LGBTQ Addiction Guide - A research-based awareness guide which provides information and support systems that can be using in overcoming the challenges of finding resources to address substance abuse in the LGBTQ community

PFLAG (Parents, Friends, and Family of Lesbians and Gays): National organization providing information and support

Point Foundation: Organization empowers promising LGBTQ students to achieve their full academic and leadership potential

LGBT Resources & Support: Provides resources and support for LGBTQ teens and college students.


Q & A

What is heterosexual privilege?

Heterosexuality is identified as the norm in our culture. As such, it is a privileged position benefiting from societal and institutional reinforcement and carries with it the assumption that everyone does or should identify as heterosexual.

Some Examples of Heterosexual Privilege:

  • Opportunity to be viewed as a whole person, rather than defined primarily by your sexual orientation, gender identity, or gender expression
  • Ability to appear in public or to show public displays of affection with partner (e.g., kissing or holding hands) without fear of verbal or physical abuse
  • Many authentic portrayals in the media of people who share your sexual orientation, gender identity, and gender expression
    Potential to join a fraternity, sorority, or similar organization without the fear of being rejected or isolated based on sexual orientation, gender identity, or gender expression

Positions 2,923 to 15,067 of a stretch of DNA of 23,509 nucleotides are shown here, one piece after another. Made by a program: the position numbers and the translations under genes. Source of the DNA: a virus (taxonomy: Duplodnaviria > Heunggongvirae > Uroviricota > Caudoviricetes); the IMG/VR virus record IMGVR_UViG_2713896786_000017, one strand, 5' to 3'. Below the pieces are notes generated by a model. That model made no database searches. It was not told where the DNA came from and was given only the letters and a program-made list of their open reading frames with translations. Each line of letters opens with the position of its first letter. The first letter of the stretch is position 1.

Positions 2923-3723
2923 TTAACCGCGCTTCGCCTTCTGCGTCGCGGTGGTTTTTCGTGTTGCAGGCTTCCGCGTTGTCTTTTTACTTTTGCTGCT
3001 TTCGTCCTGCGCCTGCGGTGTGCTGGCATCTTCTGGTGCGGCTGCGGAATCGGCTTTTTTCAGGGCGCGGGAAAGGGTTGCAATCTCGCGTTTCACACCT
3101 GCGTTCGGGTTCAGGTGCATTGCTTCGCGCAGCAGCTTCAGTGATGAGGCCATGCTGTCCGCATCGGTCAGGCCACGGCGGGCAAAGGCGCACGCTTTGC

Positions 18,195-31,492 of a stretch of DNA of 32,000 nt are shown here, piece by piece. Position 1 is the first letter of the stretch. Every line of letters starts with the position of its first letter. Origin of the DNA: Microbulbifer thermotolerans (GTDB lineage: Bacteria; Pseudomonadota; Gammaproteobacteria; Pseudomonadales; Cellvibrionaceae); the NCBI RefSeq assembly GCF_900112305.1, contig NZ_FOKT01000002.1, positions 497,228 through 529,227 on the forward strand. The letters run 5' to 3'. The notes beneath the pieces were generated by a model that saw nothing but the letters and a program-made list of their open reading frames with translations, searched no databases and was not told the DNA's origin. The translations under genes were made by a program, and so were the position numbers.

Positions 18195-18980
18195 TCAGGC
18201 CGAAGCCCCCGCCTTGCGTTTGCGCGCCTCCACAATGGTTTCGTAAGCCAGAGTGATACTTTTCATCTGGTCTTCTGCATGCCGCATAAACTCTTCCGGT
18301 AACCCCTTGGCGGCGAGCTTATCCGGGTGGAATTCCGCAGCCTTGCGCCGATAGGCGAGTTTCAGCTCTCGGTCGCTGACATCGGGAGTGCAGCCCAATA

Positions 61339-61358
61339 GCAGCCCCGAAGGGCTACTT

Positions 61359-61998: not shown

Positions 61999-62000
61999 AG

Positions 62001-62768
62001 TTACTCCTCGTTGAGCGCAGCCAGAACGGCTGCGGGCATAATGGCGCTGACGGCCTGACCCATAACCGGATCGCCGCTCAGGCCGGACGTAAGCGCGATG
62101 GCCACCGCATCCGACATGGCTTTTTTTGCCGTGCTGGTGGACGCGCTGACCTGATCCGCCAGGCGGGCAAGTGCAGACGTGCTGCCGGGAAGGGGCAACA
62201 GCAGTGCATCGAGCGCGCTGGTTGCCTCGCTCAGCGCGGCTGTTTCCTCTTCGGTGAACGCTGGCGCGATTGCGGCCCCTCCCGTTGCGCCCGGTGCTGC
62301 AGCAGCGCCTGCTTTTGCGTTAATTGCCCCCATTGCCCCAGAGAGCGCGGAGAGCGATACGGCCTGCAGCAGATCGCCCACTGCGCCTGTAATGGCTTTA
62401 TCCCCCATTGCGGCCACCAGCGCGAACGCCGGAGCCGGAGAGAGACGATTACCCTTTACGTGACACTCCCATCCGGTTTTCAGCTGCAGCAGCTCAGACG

• Ability to talk freely about or display pictures of romantic partners with friends, family, co-workers, neighbors, and members of your faith community without fear
  • Permission to legally marry and receive the associated legal and social benefits of marriage—social security benefits, tax-free inheritance, partner health benefits
  • No need for legal protection from discrimination in employment and housing based on sexual orientation, gender identity, and gender expression
    Ability to have biological children without questions, to adopt or foster-parent a child in any state, or to gain custody of children if a partner dies
  • No compulsion or obligation to explain or dispel the myths of your own sexual orientation, gender identity, or gender expression
  • Terms that describe your sexual orientation, gender identity, and gender expression (e.g., straight, female, masculine) are not used culturally in derogatory ways

What is homophobia?

Homophobia is the irrational fear, hatred of, aversion to, or discrimination against lesbian, gay, bisexual, transgender, and queer people or behavior. Homophobia may be expressed by people of any sexual orientation, gender identity, or gender expression. There are many incidents of homophobia that happen every day on a variety of levels from overt to more subtle occurrences.